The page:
Mahalo, Jo Anne for the post and the pictures!  I have goosebumps from reading about this one-in-a-lifetime experience.   To learn more about Jo Anne, check out her social media:

Jo Anne Pinney writing as Lacey Falcone
Follow me on twitter @LaceyFalcone and 
on Pinterest Lacey Falcone
Coming soon:

I am giving away a book choice for my convention stash to one randomly selected commenter from this week's blogs.  To enter the giveaway,

1.  Leave a comment about a "war" hero you admire - any country, any conflict.

2.  This giveaway is open to all readers.

3.  Comments are open through Saturday, April 28, 10 pm in Hawaii.  I'll post the winner on Sunday, April 29.


Kim in Hawaii 


  1. I admire Pat Tillman. I learned a lot about what inspired him to join the military and the questions surrounding his death in a documentary.

  2. I admire the ones who are unsung. There are so many out there that just by being there are heroes.

  3. My own personal war hero will always be Dad. He (and each of his 4 brothers) served in WWII. Dad served under Gen. Patton in North Africa, and earned the Soldier's Medal for non-combat heroism. He served throughout Europe and returned home after the war's end. He continued to serve, as a police officer in his home town. He's been gone for almost 5 years. I still feel grateful and a bit emotional whenever I see photos of WWII veterans. I am so proud of Dad's service. Thanks for a wonderful column.

  4. I have to totally agree with Debby!

  5. My uncle Jack was in the Vietnam War and after he retired he told us stories of the guys he formed friendships with and saw how people could do such heroic things in the face of dangerous situations. My heroes are all those people who did heroic things that no one ever knew about.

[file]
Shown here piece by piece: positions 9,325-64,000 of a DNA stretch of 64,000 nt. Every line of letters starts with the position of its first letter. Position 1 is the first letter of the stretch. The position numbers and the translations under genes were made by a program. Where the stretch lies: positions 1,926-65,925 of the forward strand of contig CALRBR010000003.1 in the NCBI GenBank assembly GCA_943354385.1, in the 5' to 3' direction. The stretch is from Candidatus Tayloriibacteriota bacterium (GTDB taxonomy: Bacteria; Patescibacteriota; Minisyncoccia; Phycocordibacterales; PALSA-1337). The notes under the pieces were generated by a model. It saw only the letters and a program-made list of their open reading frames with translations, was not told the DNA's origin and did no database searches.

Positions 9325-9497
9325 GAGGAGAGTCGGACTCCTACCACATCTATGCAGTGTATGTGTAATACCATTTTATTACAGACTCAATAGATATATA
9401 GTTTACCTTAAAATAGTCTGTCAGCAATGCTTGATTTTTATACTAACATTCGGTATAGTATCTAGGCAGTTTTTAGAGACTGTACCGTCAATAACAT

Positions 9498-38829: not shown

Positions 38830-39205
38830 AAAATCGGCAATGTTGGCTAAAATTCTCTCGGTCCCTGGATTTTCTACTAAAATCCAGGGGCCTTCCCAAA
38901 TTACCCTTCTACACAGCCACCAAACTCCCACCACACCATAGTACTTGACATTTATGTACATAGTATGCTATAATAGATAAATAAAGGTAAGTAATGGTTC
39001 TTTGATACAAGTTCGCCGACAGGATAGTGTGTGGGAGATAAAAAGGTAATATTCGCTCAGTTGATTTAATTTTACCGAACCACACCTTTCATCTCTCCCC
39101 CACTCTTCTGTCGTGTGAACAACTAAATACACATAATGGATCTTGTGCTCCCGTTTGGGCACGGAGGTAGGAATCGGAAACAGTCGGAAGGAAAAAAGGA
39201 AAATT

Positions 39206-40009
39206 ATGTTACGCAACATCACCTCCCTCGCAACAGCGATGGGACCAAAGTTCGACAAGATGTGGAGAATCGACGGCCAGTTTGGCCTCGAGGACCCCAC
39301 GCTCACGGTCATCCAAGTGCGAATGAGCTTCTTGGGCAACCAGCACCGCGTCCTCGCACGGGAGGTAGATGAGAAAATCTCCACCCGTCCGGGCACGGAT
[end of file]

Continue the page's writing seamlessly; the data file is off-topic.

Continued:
6. Jo Anne,
    Wonderful recant of the Doolittle Raiders, and their amazing history. Thoroughly enjoyed your write up and photos. Kim, sounds like you and Jo Anne had a fabulous time at RT! I'm officially jealous. :) My sincere thanks to you both for sharing the story of Doolittle's Raid. *Hugs*
    God bless,

    Diana Cosby, AGC(AW), USN, RomVet

  7. The first name that came to mind is Audie Murphy. But then, I do agree with Debby, too.

  8. I agree with Debby, too. My dad was one of them. He enlisted in WWII. He was either 28 or 29 and was the only child of his widowed mother. He didn't have to go but he did what he felt he had to do.

  9. I think any man or woman that serves is a hero. They serve with sacrafices no matter if they deploy or not. Time away from their families and those that do deploy are warriors of the highest standing. Repeated deployments away from their families, sort of makes the families heroes too. Thanks for sharing the great information on the Doolittle Raiders it sounds fascinating.

  10. Anyone that goes out and fights, that stands up for what they believe in, who helps others; there all heros in my book. Each one is special and i cant pick a favorite.

  11. I admire all of them.


  12. they are great heros
    thansk for the pic

  13. I think that every soldier is my Hero. To serve their county and put their lives in jeopardy everyday. My Dad who served in WWll in the Philippines and both of my sons who are career Army.
    Loved the post and the pictures Joanne provided.
    Carol L
    Lucky4750 (at) aol (do) com